Three years ago, when Corner Gas ended its run as one of the most successful Canadian TV shows ever, star Gabrielle Miller was ready for a brand new project: a family.
“My husband and I got married on hiatus of our last season of ’Corner Gas.’ We finished the series at the end of October and in January we met our son,” explains the actress during a chat about her upcoming film Sisters&Brothers, from Vancouver-based director Carl Bessai.
Miller, 38, and her husband adopted Mthobisi, now 5, from Swaziland. The Zulu name means “he who makes things quiet” (although Miller ruefully admits that’s not always the case).
“I took over two years off working to focus on my son and being at home and I was really ready for that. I needed a break and my son was the most important thing … that situation, becoming a family, is so huge and I was lucky that I could take some time off, so I did.”
Before she became known to TV viewers as Dog River diner owner Lacey Burrows on Gas, Miller had a long list of small-screen credits to her name, including stints on Robson Arms and Alienated.
After the initial time with her son, she eventually got back to TV work, with guest spots on U.S. shows including Cold Case and NCIS.
But Miller says she “absolutely” seeks out Canadian jobs and was thrilled to land a role in Jason Priestley’s raunchy Halifax-shot comedy Call Me Fitz.
“I’m a huge fan of the show … And the character I play is quite a departure from Lacey,” said the Vancouver-bred, Toronto-based actress.
Sisters&Brothers, the final instalment in Bessai’s family trilogy (following 2010’s Fathers & Sons and 2008’s Mothers & Daughters), also offered up something distinctly different from Gas.
Bessai employs a wildly unconventional style as he spins separate narratives about four sets of siblings, including an acrimonious brother duo played by Glee star Cory Monteith and Dustin Milligan (90210).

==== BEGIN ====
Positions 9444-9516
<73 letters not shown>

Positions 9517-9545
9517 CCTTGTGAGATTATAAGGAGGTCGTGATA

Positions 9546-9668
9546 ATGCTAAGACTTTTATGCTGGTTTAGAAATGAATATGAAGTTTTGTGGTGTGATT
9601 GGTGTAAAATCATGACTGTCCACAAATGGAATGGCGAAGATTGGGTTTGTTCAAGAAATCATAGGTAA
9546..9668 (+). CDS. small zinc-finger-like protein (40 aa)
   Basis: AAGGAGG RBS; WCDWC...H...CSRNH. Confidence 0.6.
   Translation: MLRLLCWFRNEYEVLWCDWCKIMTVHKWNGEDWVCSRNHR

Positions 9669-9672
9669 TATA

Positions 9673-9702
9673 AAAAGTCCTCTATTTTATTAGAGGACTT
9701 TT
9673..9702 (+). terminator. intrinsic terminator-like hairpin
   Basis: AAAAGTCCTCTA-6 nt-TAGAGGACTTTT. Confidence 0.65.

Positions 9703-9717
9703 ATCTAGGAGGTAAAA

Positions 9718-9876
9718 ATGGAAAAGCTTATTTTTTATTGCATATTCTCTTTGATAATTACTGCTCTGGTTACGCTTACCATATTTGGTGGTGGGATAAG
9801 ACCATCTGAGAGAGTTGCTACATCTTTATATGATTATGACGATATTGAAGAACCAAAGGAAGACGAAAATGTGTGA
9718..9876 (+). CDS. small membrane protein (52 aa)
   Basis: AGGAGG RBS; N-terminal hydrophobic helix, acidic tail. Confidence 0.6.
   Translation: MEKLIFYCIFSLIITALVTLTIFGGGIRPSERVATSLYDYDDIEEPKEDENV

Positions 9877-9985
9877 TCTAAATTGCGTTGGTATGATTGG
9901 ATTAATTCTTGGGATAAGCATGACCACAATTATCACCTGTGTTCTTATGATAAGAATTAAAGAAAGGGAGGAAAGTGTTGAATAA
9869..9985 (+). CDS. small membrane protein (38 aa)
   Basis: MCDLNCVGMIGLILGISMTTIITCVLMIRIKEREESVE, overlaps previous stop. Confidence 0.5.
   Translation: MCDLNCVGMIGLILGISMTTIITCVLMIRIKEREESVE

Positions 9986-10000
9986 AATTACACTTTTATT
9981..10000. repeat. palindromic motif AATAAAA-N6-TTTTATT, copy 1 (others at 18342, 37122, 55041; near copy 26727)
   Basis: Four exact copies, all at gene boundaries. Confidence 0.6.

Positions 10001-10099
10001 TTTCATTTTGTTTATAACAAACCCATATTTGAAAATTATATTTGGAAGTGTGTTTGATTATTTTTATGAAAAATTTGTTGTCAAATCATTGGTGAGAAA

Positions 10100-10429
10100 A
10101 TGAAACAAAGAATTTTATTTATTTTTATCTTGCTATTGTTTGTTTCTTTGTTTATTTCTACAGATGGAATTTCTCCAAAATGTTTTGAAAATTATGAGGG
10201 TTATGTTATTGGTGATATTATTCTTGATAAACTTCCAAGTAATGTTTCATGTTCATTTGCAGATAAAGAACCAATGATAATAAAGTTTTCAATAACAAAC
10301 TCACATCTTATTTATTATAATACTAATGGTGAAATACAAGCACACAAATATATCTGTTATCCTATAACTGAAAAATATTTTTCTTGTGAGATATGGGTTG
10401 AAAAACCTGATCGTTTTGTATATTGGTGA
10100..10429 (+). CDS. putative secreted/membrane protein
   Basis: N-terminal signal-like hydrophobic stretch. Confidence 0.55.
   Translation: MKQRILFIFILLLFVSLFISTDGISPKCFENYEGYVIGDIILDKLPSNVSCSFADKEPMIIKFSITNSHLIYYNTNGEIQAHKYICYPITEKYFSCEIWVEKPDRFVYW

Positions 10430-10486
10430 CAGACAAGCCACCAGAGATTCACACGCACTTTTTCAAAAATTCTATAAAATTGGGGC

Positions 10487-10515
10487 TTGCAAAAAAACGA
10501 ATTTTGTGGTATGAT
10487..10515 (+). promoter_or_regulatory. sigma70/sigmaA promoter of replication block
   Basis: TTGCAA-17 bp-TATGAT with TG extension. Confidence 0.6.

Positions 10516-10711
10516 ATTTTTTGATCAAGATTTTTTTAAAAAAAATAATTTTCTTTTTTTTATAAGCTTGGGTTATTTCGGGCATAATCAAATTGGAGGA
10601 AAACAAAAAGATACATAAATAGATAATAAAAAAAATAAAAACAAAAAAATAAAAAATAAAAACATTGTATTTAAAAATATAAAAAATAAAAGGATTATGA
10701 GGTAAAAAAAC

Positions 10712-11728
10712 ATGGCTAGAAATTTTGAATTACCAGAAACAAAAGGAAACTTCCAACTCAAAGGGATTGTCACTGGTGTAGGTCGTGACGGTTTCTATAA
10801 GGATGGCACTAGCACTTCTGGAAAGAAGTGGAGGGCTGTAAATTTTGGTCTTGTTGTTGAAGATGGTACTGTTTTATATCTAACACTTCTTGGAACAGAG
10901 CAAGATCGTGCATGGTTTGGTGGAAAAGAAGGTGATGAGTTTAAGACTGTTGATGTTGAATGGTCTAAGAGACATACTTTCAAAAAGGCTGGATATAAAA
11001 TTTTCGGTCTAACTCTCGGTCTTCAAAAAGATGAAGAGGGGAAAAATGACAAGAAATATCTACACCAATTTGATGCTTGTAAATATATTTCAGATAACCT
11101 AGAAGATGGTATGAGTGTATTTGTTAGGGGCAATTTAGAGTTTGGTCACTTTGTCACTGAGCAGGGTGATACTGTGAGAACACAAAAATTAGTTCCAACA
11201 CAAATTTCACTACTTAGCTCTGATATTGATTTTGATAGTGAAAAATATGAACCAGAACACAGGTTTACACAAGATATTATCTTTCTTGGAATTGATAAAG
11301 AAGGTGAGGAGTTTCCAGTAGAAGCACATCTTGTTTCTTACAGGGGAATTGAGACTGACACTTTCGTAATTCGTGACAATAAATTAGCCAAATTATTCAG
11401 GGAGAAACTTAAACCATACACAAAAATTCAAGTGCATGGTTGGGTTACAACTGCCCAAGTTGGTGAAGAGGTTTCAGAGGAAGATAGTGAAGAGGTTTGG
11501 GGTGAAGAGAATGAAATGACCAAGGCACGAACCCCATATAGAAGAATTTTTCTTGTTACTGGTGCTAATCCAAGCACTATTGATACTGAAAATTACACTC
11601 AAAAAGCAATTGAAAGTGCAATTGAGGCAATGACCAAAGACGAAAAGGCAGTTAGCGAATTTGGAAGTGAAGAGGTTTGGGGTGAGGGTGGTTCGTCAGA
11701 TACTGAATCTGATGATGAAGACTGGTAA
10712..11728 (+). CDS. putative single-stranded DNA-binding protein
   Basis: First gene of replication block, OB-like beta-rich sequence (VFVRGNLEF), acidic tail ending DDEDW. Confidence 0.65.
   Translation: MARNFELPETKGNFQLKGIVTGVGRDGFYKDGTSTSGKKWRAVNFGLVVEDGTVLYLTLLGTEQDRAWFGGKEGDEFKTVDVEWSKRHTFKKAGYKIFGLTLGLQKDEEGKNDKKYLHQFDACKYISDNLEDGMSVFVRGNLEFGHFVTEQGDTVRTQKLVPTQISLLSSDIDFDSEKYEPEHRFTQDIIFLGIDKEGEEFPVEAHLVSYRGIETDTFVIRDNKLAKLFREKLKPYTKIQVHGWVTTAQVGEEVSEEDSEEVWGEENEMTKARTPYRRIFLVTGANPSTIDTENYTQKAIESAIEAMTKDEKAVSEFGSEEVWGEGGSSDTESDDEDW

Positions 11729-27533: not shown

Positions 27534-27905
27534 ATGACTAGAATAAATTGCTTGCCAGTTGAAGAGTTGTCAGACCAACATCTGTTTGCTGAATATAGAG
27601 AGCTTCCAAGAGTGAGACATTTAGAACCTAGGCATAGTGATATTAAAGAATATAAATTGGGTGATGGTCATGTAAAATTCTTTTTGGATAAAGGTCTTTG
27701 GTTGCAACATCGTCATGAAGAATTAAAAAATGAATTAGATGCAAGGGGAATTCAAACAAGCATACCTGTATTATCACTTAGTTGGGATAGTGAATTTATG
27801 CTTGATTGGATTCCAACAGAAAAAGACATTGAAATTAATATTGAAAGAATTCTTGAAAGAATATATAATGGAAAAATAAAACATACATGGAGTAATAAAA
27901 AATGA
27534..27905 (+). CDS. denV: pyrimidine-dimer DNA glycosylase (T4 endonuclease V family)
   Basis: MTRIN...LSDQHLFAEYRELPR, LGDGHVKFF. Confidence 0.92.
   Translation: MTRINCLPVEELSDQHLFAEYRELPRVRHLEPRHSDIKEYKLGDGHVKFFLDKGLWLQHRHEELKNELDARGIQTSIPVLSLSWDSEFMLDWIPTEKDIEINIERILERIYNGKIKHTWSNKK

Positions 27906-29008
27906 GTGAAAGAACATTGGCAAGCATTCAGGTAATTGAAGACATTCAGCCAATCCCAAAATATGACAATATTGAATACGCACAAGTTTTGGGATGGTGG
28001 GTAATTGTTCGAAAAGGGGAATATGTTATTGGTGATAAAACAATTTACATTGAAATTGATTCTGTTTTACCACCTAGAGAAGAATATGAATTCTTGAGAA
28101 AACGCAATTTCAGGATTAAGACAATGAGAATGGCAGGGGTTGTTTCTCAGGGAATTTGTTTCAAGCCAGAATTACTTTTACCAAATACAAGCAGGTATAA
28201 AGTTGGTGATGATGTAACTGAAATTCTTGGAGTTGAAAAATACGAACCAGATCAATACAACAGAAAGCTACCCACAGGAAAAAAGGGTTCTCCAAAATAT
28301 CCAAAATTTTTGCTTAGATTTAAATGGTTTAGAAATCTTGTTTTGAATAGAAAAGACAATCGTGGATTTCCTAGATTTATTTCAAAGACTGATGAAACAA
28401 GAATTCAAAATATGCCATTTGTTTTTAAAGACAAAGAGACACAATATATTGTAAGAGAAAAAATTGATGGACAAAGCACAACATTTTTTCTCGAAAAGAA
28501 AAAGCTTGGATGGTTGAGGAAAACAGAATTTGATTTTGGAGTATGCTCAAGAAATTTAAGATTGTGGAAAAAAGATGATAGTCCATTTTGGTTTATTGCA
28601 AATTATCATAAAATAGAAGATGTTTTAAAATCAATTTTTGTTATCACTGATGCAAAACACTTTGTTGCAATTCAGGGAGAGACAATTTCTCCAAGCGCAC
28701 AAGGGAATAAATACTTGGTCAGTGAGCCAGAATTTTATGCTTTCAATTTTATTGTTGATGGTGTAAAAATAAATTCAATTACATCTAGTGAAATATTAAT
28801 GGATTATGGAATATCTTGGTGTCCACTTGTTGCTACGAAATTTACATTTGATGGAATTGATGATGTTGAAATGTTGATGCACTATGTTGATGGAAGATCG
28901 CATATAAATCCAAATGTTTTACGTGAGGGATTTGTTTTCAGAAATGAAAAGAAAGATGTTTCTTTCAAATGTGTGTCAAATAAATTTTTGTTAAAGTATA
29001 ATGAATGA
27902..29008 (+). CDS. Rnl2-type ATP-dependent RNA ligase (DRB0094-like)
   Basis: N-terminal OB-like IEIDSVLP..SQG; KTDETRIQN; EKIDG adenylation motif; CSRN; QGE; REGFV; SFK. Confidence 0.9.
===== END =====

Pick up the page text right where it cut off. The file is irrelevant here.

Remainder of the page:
Working without a script, the director discussed character relationships and a vague story arc with actors and then simply let the cameras roll.
At the Toronto International Film Festival, where Sisters&Brothers screened last September, Monteith said the experience was creatively exhilarating. Miller — long a fan of Bessai’s work — was similarly effusive.
“The approach to that kind of work is so exciting and fascinating and very different from the kind of projects and the way I’d approached my work before that,” she said.
“It was wonderful and scary too.”
Miller’s storyline — a sister who struggles to help her mentally disturbed brother — saw her reuniting with her onetime acting coach Ben Ratner (Da Vinci’s City Hall). Bessai’s freewheeling style meant she was often surprised by what emerged when the pair were shooting.
And coming from a family of six siblings, Miller says she could relate to some of the over-arching themes Bessai was examining.
“That kind of love and concern … I have an understanding of the psychology that can happen when you’re a caregiver,” she said. “And that’s where I started, that she was a caregiver to her brother.”
While Miller looks back on Gas as an amazing time in her life, she has no plans to team up with former castmates, who have gone on to work together on projects such as Hiccups and Dan for Mayor. Instead, the actress is seeking more roles outside her comfort zone.
Next up, for example, is a play in New York City called Psycho Therapy.
“I have been an actor for 20 years and my background is completely in television and film so this is another one of those experiences that I wanted to explore, and that I’m scared of,” said Miller with a laugh. “It’ll be good.”
Sisters&Brothers opens Friday in Toronto, Vancouver and Victoria.